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BWW Reviews: Houston Grand Opera's Entertaining SHOW BOAT Dazzles and Delights

Houston Grand Opera opened their Winter Repertory offerings with an impressive and rousing production of Jerome Kern and Oscar Hammerstein II's iconic book musical SHOW BOAT. The musical historically changed the face of American Musical Theatre and introduced a genre of entertainment that many feel OKLAHOMA perfected and solidified. Despite it's classification as a musical, the show's score is incredibly operatic and requires many classically trained voices to effectively pull off a production.

Spanning from 1887 to 1927, SHOW BOAT follows the trials and eventual successes of Magnolia "Nolie" Hawks, daughter of Cap'n Andy Hawks of the Cotton Blossom show boat. The plot centers on her torrid love affair with the river gambler Gaylord Ravenal, who leaves Nolie and their daughter high-and-dry in Chicago after his gambling debts catch up to him. In his absence, Nolie goes on to discover her own talents and becomes a leading lady on Broadway. Along the way, the musical deals with racism and the contemporary public's attitudes towards interracial relationships.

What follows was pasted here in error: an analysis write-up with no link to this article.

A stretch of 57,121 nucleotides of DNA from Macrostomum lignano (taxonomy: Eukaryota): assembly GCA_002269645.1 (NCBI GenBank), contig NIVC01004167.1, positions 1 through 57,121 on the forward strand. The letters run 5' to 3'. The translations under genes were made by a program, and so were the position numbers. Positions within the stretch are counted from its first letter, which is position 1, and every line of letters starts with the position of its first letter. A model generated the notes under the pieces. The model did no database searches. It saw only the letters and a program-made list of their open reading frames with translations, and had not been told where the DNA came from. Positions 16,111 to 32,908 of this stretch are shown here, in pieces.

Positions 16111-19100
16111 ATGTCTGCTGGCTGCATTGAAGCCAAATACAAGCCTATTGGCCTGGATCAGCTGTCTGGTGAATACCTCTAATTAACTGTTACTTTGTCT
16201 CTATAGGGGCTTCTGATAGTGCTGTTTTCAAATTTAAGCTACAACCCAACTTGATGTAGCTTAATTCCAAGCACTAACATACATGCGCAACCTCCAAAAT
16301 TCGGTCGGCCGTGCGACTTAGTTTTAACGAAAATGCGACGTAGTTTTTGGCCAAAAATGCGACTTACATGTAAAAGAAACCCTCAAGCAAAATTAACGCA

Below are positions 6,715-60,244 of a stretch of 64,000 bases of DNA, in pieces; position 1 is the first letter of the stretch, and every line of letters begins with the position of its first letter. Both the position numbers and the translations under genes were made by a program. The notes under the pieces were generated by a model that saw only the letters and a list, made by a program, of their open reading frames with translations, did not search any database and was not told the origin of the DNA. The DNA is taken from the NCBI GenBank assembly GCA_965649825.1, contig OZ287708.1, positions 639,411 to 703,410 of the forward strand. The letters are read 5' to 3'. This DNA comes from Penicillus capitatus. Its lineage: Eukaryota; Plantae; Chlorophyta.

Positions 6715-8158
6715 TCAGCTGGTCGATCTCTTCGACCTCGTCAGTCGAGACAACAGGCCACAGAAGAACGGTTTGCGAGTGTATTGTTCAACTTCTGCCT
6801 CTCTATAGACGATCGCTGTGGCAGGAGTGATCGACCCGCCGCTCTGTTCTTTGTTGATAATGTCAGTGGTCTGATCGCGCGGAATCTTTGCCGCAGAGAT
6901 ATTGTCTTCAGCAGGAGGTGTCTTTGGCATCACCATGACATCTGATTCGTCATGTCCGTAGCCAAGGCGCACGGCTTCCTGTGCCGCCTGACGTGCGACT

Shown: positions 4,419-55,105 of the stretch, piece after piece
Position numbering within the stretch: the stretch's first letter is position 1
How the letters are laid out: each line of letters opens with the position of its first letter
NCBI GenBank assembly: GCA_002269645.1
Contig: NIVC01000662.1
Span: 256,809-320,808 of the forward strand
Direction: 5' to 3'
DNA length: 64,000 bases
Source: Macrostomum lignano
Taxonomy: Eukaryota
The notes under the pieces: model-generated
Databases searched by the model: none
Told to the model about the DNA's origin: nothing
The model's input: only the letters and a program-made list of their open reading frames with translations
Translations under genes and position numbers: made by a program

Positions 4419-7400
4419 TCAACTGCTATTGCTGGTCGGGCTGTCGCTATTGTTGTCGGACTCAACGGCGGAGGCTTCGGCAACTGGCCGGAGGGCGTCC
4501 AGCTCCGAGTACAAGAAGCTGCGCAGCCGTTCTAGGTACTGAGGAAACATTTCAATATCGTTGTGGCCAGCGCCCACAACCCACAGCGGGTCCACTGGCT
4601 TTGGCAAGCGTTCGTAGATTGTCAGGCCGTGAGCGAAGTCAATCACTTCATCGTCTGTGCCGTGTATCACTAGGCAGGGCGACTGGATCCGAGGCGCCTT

Direction by Francesca Zambello brings enchanting life to the familiar story. Each of her leads embodies a character that is distinctive and journeys on their own unique and individual arcs, bringing vivacity into the nearly 86-year-old musical. Additionally, Francesca Zambello is presenting the musical in a similar fashion as the 1988 Studio Cast Recording does, making no edits to language that some may deem objectionable. The audience will be realistically exposed to the N-word, as it was used historically on the Mississippi River. Under Francesca Zambello's reigns the plot moves crisply, keeping the audience engaged in the action of the show whether it is their first experience of 1,000th with the material.